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News and Narratives of Interest – 2016

Talking the Talk.

Two very different books, two very different deaths, have made me think again about whether and how we talk to those closest to us about our life’s ending. What is important to us at the end of life? What will we value? Who do we want to be with us, and where? What wishes do we have about organ donation, about last rites and our body’s remains?

Paul Kalanithi, at age 37, was a last-year neurosurgery resident, about to embark on a promising career as a physician. He had hoped that he could combine his love of literature and writing with his medical career in some way: after all, he achieved an advance degree in literature before he decided to change course completely and study medicine. But his career in medicine ended with the completion of his residency training; and his one published book is the beautifully written memoir, When Breath Becomes Air, chronicling the last 22 months of his life, a time spent living with and then dying from lung cancer. Kalanithi had these months to think about, and to talk with his wife and his doctor about, what was important to him, what really mattered in his remaining life. In fact, his oncologist pushed him to do so.

The Heart: A Novel by French author Maylis De Kerangal is also beautiful, even in translation, but very different. It is the fictionalized account of the nightmare every parent fears, the death in an automobile accident of Simon Limbres, age 19, a brain death that left his heart and other organs alive, vital, and transplantable. The book takes place over 24 hours, hours in which Simon’s parents must live with his dead but alive body, and consider what Simon would have wished had he been able to make his wishes known.

If we are fortunate, neither of these scenarios will be ours. But we will all die, and most of us will be caregivers for a relative or close friend who dies. As we have noted in previous News and Narratives articles, it seems as if there is a more open public conversation about death, as indicated, for example by the popularity of Kalanithi’s book, and of Atul Gawande’s earlier book, Being Mortal. Yet it still seems as if it is a long and perhaps treacherous path between this public conversation and the very personal and private conversations we each need to have.

That path, we hope, will be smoothed out somewhat by the regulations now in effect that allow Medicare to reimburse doctors or other practitioners (nurse practitioners, for example) for conversations about end of life planning. Most private insurers are, or will be, following suit. Right now, it is estimated that only 17 percent of adults (or 7 percent as reported in a recent California poll) have had these conversations about their wishes at the end of life with their doctors. The Conversation Project has a very useful guide sheet for these conversations.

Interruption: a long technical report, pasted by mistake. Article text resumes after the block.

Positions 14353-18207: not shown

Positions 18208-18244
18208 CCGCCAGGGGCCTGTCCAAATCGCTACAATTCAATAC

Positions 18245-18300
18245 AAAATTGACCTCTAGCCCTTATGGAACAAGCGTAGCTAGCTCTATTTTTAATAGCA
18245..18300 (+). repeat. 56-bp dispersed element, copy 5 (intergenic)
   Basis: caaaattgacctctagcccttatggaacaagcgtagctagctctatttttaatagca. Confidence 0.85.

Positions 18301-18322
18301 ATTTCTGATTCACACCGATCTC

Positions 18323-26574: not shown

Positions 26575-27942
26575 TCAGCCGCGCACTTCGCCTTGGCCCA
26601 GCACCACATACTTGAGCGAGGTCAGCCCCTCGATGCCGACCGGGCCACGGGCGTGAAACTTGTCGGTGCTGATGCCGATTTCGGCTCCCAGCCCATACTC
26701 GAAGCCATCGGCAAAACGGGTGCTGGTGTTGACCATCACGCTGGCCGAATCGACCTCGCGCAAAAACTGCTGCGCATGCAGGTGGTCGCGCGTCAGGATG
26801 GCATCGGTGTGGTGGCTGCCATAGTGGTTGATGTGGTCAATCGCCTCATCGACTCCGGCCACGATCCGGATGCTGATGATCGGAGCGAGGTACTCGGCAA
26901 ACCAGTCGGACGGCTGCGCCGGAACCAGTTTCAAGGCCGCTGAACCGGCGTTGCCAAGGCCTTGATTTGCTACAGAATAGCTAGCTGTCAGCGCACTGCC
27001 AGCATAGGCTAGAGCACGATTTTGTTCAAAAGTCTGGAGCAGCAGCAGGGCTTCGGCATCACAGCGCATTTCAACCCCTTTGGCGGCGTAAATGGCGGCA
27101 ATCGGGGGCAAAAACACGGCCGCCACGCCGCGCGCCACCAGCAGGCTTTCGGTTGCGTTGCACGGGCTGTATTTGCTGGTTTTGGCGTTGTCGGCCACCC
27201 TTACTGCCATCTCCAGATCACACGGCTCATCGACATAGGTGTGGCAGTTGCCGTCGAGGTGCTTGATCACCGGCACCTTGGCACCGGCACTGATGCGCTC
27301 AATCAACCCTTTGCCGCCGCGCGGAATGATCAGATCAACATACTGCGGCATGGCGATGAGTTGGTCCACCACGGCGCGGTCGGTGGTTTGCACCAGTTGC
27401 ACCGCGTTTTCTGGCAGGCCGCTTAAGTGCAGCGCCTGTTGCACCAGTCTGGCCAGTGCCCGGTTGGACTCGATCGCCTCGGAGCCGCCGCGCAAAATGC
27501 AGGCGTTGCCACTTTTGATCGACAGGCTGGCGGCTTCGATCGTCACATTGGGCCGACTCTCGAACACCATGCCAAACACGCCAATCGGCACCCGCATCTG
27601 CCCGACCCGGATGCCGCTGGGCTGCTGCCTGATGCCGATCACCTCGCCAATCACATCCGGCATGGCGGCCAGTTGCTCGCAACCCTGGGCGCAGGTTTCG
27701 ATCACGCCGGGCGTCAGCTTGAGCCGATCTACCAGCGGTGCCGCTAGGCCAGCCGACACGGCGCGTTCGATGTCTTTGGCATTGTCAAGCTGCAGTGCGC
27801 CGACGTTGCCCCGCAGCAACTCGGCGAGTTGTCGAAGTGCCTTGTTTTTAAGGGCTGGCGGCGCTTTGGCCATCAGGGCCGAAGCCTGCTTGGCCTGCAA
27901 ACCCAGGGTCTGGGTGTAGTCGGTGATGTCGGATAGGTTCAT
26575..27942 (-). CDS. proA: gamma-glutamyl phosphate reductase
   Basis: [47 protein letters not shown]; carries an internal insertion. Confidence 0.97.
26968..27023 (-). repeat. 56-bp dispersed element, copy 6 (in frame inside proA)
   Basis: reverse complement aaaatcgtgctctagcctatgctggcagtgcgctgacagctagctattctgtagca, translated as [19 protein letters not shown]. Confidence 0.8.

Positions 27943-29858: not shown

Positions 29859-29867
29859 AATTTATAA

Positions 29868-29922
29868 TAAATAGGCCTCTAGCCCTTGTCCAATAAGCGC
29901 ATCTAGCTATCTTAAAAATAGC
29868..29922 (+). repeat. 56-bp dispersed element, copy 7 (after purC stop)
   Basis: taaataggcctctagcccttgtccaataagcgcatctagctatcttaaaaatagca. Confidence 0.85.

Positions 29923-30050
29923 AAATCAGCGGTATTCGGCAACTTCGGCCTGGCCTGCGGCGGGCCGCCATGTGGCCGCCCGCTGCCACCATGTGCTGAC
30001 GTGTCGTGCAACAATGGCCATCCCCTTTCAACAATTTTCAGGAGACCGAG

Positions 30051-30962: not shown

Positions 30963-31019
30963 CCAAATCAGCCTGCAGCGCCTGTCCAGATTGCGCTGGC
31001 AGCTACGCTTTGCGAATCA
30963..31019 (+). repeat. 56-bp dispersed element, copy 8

It is very important for us, as patients and families, to take the lead in having these conversations with our doctors, but why are the physicians themselves not the ones initiating conversations as part of good quality care? A recent poll by the Hartford Foundation found that physicians overwhelmingly believe that it is important to have these conversations with their patients, and they all feel that reimbursement by Medicare and other payers will remove a barrier to enabling such conversations to happen. Yet almost half say they are unsure of what to say, and fewer than one-third have had any formal training or education around conversations about advance care planning and end of life wishes. Those who have had training are much more comfortable having conversations with patients. Other barriers, including electronic medical records with no place to record such conversations or the advance care plans themselves, are still blocking the path for many, and perhaps most physicians and patients.

Training physicians is clearly important, but we should remember that it is only the beginning. They will still need our help as patients, they will need experience, and they will need reflection. Ideally physicians would have opportunities to talk with each other, to share experiences, and to learn how to deepen and sensitize their conversations. A doctor’s April 2016 article in The Washington Post can be one we keep in mind as we work to improve physicians’ and patients’ communication capabilities in this arena of such critical importance to all of us. Ravi Parikh first discussed advance care planning with his new 90-year old patient when they were reviewing the patient’s medical record in the cardiac clinic. The conversation consisted of a disagreement between doctor and patient about whether or not the patient should have a Do Not Resuscitate (DNR) order in his chart. The patient insisted that despite his history of heart events and disease, and despite the likelihood that CPR would not extend his life, he wanted every effort to be made to keep him alive. The patient’s wishes prevailed, of course, but Parikh was disturbed at the way the conversation had gone. Had he, the physician, really been patient-centered, or had he been pushing DNR because he had not really engaged in understanding his patient?

Before that patient’s next visit, Parikh did some studying, visiting various web sites that would help him learn to actually talk and listen to his patient, to have a conversation rather than to apply a formula. What matters most to you, Parikh asked his patient during their second conversation. The plan that resulted from this question maximized the patient’s chance to do what mattered most to him before he died – to meet his new great grandchild arriving soon from Ethiopia. The DNR, chosen by the patient this time, could come later.

So let’s help our physicians explore our choices and preferences with us. They are the experts in medicine – and what it can and cannot do – but we are the experts in ourselves. We must reflect upon what is most important to us and share that information with our healthcare providers so, together, we can discuss how medicine may be put in service of helping us live the lives we want, until the end.